Players slash prices to leverage the popularity of IPL matches on the internet .
Growing use of netbooks and laptops has led to a sharp drop in broadband prices. In 2009, about 73,000 netbooks (stripped-down laptops) were shipped to India. First-time users like Rohan Bhandari, a 22-year-old college student, are beginning to see why netbooks and high-speed data cards are a good bet. “I was not sure which internet connection to buy — a wireless or a wired broadband connection. But, since I plan to use the laptop at both home and college, a mobile data card makes more sense. Further, recent drop in prices by telecom players has made wireless internet more accessible,” says Bhandari.
The latest price cut has been effected by Tata Teleservices, which has dropped the price of Tata Photon Plus by Rs 1,200 to Rs 2,299 per unit in Maharashtra and Goa. The price is for both pre- and post-paid connections. Other telecom players, such as Vodafone, Reliance Communications, Virgin Mobile and MTS, have slashed entry-level prices for wireless internet connections. While some have reduced the price of the hardware (USB drive), others are shifting customers to a higher data plan, free of cost.
According to the Manufacturers Association for Information Technology, netbook sales are expected to grow at a compounded annual growth rate of 73 per cent. Laptop sales grew 52.8 per cent to 690,000 units in the fourth quarter of 2009 (October-December). In the same period, desktop PCs recorded sales of 1.29 million units, representing year-on-year growth of just 14.6 per cent. Telecom experts, however, said the price cut could be to attract more consumers, considering the popularity of IPL matches on the internet.
Companies, however, insist that the price decline is natural. “Consumer insight indicates that youths want products that have speed and mobility at a price point within their budget. The revision in price was in keeping with this insight. The aim was also to expand the category,” said Shashank Pore, assistant vice-president (marketing), Tata Teleservices.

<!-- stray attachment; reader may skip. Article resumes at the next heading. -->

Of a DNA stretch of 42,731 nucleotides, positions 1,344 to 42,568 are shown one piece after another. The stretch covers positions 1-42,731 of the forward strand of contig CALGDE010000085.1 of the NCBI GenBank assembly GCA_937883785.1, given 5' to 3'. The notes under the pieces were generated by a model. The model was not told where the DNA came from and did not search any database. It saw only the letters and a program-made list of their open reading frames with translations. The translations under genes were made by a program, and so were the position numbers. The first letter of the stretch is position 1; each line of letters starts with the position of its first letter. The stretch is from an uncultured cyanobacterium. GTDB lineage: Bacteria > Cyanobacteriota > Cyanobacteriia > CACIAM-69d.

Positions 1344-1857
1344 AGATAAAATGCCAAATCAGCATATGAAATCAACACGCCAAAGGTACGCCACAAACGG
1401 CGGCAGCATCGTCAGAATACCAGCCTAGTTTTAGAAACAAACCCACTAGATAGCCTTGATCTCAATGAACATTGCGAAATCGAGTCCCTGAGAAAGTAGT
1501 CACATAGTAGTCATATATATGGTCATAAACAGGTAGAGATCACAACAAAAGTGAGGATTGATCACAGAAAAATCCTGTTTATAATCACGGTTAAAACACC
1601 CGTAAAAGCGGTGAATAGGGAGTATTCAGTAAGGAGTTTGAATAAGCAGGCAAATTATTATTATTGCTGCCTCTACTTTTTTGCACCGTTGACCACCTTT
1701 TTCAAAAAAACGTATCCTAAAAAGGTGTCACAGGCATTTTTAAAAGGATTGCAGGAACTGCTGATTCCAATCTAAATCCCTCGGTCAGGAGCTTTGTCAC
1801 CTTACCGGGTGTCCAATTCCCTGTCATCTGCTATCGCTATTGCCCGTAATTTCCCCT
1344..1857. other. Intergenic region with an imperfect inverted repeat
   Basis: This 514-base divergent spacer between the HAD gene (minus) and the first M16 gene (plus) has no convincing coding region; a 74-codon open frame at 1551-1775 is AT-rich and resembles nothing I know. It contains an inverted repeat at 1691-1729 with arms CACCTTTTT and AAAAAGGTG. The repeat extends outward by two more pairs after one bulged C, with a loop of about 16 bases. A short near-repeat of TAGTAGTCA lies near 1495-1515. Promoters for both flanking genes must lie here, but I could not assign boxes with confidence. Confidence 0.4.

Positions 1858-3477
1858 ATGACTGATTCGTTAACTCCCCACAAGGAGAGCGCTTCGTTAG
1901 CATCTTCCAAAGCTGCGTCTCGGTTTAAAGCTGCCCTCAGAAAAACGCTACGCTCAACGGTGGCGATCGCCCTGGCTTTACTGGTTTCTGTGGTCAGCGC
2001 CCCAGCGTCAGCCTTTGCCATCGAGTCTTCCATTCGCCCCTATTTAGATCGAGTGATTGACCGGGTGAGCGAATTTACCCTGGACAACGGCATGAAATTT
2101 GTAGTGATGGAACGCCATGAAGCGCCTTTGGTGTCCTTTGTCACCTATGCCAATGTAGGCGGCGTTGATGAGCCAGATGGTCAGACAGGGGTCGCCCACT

Experts said there won’t be a price war as in the voice category. “Mobile broadband still has a small user base and no one would want to get into a price war yet. Also, this is probably the only segment where telecom players get an average revenue per share (ARPU) of Rs 600-700. This is very less than voice ARPU,” says an analyst. According to a study by ABI Research, the increase in data transfer speeds achieved by wireless PC card modems is expected to increase sales of these devices over the next five years.
|NEW AND REDUCED
||Hardware price (Rs)
|| 250 (pay as you go)
199 (free 0.5GB)
|| no change
|| 350 (free 500MB)
|| 198 (free 250MB)
|| 500 (free 0.5GB)
|| 499 (free 500MB)
|| 299 (pay as you go)
|Source: Company websites
Even BSNL has slashed the price of its 3G data card in a bid to rope in more customers. Though it’s a promotional scheme, it shows how telecom service providers are attracting customers. Reliance Communications has also dropped the price of its mobile broadband device by nearly Rs 1,200. “We believe that a price drop from Rs 3,500 to Rs 2,299 will translate into volume growth. We announced this across the 62 cities where we are present and plan to implement it in 132 cities,” says Vrajesh Shelat, head (wireless data business), Reliance Communications.
Alok Shende, founder of IT and telecom consulting firm Ascentius Consulting, says: “Typically, in the technology market, products start with a higher price and target high-end customers, whom we call innovators. They create innate demand and, after that, companies target the other segments by reducing prices.”
(With inputs from Katya Naidu)